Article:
Why Do We Change When We Hit Rock Bottom?

Why Do We Change When We Hit Rock Bottom?


On this blog, we know what it’s like to hit rock bottom. It’s that point at which we either do or die. We either have to face up to our problems or be forever lost to them.

When we look back on our worst times, they often turn out to be flashpoints. Maintaining the status quo is just so painful that we’re forced to change. We’re forced to grow and to get stronger. And ultimately, when we reflect on those experiences, we are glad that they happened. They are what got us to where we are today.

Hitting rock bottom can be a good thing. We suddenly realize where we have been going wrong. We no longer ignore our disempowering patterns of behavior. Instead, we face our pain, head on, no matter
what it is.

If your damaging pattern of behavior was drugs or alcohol, you know how this situation can feel. Leaving a dependency behind can seem terrifying. After all, our most destructive behaviors are almost always an attempt to mask pain. But facing our pain is something that has to happen. One day it becomes clear that it is worse to carry on with what we’re doing than to stop it.
Suddenly, you reach out to others for help. You find that there are many people out there, willing and ready to help you get your life back on track. There are counselors, like at There are friends and family, and there are church groups and coworkers.

In some ways, hitting rock bottom can be the best things to ever happen to you. When you’re forced to confront your demons, you learn a lot about yourself. You start to understand why you’re in the situation you’re in. And you begin to piece together the history that got you to the point you are today. Often you’ll find yourself reevaluating why you ever decided to get into the relationships that you did. What was it that attracted you to certain people and personality types, for instance? And why were you so easily led down the primrose path to destruction?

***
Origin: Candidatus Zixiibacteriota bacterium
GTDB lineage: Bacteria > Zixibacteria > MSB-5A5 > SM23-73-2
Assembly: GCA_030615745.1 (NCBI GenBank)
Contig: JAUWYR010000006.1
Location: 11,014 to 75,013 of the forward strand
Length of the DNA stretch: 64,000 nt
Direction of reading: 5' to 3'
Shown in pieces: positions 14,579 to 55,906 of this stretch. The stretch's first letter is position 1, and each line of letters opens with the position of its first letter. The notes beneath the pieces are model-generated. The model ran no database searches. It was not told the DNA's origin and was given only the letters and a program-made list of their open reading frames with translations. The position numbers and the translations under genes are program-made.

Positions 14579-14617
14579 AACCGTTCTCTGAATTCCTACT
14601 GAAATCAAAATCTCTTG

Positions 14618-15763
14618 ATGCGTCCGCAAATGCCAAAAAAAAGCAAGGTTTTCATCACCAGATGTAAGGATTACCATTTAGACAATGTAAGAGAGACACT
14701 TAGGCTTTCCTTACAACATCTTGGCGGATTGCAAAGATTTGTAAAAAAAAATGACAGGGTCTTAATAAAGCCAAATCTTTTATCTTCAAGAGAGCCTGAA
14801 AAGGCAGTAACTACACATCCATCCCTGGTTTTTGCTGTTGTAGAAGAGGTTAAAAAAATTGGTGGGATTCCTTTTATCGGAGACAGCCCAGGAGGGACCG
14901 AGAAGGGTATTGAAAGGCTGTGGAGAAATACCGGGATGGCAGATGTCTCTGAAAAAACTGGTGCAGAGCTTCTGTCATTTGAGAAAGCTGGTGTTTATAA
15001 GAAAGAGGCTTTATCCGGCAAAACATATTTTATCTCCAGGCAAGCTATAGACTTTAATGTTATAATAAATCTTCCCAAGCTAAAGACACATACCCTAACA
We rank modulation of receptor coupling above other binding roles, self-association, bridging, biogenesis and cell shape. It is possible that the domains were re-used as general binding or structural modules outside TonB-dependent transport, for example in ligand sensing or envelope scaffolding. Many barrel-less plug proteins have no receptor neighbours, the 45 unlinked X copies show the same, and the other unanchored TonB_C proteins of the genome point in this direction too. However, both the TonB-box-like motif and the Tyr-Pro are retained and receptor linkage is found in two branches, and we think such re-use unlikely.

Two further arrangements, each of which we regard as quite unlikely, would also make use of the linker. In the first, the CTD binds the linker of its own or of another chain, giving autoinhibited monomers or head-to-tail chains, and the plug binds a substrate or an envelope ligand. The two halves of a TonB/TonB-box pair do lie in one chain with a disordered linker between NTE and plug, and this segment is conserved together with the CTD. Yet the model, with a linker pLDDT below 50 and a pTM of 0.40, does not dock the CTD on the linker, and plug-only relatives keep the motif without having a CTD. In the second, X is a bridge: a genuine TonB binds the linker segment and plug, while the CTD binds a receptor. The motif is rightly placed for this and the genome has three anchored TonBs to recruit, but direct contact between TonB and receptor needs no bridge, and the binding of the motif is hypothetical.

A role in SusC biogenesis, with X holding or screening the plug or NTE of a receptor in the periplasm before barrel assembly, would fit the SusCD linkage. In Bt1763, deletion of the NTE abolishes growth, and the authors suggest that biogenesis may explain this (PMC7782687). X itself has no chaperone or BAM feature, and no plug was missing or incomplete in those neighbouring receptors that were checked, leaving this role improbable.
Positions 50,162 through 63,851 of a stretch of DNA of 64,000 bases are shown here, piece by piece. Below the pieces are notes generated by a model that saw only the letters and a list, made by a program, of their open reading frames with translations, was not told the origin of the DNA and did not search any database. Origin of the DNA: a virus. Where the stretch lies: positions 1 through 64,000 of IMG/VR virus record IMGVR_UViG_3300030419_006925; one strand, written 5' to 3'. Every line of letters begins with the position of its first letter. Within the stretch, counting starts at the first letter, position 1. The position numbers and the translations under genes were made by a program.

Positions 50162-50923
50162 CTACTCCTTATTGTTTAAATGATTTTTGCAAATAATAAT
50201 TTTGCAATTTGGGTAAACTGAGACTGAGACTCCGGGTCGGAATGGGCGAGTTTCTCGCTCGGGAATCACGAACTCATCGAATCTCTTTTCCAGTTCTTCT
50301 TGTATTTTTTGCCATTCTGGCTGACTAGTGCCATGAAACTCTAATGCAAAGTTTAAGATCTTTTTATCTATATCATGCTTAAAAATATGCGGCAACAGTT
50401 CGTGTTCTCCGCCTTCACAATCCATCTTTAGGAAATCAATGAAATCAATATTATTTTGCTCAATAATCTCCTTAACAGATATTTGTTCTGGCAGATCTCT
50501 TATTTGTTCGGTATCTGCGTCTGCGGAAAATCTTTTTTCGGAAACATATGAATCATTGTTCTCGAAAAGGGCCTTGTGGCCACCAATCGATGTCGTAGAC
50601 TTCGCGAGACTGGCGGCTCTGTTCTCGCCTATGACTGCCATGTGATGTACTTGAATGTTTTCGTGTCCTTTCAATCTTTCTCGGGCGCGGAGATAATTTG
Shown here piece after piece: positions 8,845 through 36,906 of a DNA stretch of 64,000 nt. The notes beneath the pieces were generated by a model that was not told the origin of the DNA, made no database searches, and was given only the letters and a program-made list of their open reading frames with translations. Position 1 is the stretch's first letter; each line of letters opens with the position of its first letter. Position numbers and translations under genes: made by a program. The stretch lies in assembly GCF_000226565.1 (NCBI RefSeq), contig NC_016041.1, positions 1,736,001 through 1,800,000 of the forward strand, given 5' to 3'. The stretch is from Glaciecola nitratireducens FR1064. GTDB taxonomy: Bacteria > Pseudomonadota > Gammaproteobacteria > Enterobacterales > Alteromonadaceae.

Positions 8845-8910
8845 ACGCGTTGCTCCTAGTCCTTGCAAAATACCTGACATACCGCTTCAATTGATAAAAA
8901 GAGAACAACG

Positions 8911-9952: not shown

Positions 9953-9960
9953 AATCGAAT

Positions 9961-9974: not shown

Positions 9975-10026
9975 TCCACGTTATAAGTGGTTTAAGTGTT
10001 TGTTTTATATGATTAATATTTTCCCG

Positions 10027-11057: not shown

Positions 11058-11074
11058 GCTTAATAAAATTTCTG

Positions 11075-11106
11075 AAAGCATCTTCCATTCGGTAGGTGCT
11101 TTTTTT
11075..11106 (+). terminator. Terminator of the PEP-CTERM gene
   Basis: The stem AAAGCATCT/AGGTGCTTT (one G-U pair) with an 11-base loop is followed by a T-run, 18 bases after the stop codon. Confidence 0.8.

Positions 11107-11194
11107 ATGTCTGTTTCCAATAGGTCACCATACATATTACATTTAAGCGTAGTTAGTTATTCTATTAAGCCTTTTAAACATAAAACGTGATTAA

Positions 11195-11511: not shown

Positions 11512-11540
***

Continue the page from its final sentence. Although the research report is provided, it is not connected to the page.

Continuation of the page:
Answering those questions then helps to build up an immunity against relapsing in the future. You quickly learn what your weaknesses are and build your life around managing them. For instance, if you had a problem with alcohol in the past, you might not socialize in bars anymore. Instead, you might have people over to your place for BBQs or book clubs. Likewise, if you hit rock bottom because of violent people in your life, you stay away from those who display the warning signs. The first sign of trouble and you’re gone.

Hitting rock bottom ends your reliance on outside factors to buoy your mood says You either have to find a sense of happiness within, or not find it at all. Substances, alcohol, and toxic relationships can’t sustainably mask deeper feelings of anxiety or inadequacy. People who make it through their darkest hours are the people who find the strength to confront their biggest issues. And that is ultimately how they change.

Naomi Isted
Editor in Chief, Naomi Isted is known as The Ultimate Lifestylist to her readers and viewers. She is a TV Presenter and Columnist. Ranked in the Top 100 LFW Social Media Influencers AW14 & SS15, Brand Ambassador for Pears Soap UK. Her Celebrity beauty TV Series currently airs to 27million homes on Physique TV in UAE, previously on Wedding TV in the UK. She brings fashion and beauty advice to her readers and viewers on a daily basis. She is Fashion and Beauty Columnist for Herald Scotland and has a Fashion and Beauty Bridal Blog for HELLO. She can usually be found attending celebrity fashion and beauty events in and around London and sharing the latest fashion and beauty trends with her readers.

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